Monday, January 12, 2009

Game Log 1/12/09: A mistake I won't be making again

Sometimes this blog feels like a confessional booth. One who reads this would probably think that I'm not a very good ref. I hope that my continued upwardly-mobile varsity assignments would counter that. But if I'm gonna do this, I've got to do it warts and all. And I learn a lot more posting warts than posting airbrushed-centerfold games.

Boys' freshman game tonight. Quick kids--challenging game. I actually think that all the girls' varsity I've done this year has been bad for my boys' games. Last year, before they started giving me varsity, I went back and forth between boys' and girls' freshman games most of the year. This year, this is only my third boys' game. I think that my brain and my demeanor are a little different...I'm less confident than I should be.

Nonetheless, the game went fairly routinely, except that there was a bit of a foul disparity in the first half. Blue had a bit more than White. Wasn't a huge deal. Blue didn't care for one or two calls, and I explained them. Blue players and fans got a little bitchy. I dealt.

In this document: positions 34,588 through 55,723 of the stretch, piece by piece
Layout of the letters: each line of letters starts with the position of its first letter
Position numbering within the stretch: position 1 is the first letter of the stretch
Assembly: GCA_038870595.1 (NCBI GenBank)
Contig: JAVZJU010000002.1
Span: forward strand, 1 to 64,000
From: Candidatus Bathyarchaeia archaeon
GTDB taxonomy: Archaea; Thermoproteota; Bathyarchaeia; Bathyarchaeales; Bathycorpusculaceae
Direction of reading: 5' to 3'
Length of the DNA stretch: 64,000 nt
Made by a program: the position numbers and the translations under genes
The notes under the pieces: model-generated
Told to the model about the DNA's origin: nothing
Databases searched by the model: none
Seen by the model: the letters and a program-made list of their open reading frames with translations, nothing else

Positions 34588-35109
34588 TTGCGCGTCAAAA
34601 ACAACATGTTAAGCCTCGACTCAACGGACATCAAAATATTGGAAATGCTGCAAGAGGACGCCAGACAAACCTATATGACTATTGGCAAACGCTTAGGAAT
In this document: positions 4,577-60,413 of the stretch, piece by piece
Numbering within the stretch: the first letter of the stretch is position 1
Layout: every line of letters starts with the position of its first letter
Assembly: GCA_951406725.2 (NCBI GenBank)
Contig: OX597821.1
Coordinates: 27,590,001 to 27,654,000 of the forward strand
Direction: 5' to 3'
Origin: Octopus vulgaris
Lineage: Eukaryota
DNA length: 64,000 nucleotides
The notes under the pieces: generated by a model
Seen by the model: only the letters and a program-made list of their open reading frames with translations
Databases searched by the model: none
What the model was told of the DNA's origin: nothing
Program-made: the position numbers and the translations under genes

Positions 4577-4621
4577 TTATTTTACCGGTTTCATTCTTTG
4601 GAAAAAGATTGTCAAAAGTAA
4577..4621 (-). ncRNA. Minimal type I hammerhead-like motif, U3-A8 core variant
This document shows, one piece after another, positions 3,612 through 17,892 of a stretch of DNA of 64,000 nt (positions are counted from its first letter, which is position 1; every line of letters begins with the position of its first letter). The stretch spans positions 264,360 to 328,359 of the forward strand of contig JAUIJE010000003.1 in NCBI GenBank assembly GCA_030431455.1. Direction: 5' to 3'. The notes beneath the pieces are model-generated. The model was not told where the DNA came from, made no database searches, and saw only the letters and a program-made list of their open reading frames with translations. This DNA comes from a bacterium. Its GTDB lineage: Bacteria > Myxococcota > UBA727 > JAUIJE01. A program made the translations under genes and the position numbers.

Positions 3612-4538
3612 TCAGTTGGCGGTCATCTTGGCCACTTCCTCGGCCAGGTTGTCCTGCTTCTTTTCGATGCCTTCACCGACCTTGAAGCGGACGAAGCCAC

It was close late. I felt like we were adjusting well to the game (my first call of the game was a good blocking call). I wasn't 100% comfortable with my partner, not because he was bad, but because he seldom made eye contact with me. But hey, nobody's perfect. Calls felt good. Partner was supportive. And then Blue trailed by 3 points with 40 seconds left.

Strategic fouling time. I told myself to get the first one.

They called time out. White inbounded the ball. A few passes, and then I got the first one, a little touch foul.

The place erupted: players, coach, fans.

Damn. They weren't fouling.

I went over to the angry coach and told him the only thing I could possibly tell him--the truth. "Coach, I thought you were fouling. If you weren't, I shouldn't have called that, and I blew it."

Blue coach said "OK." Class act.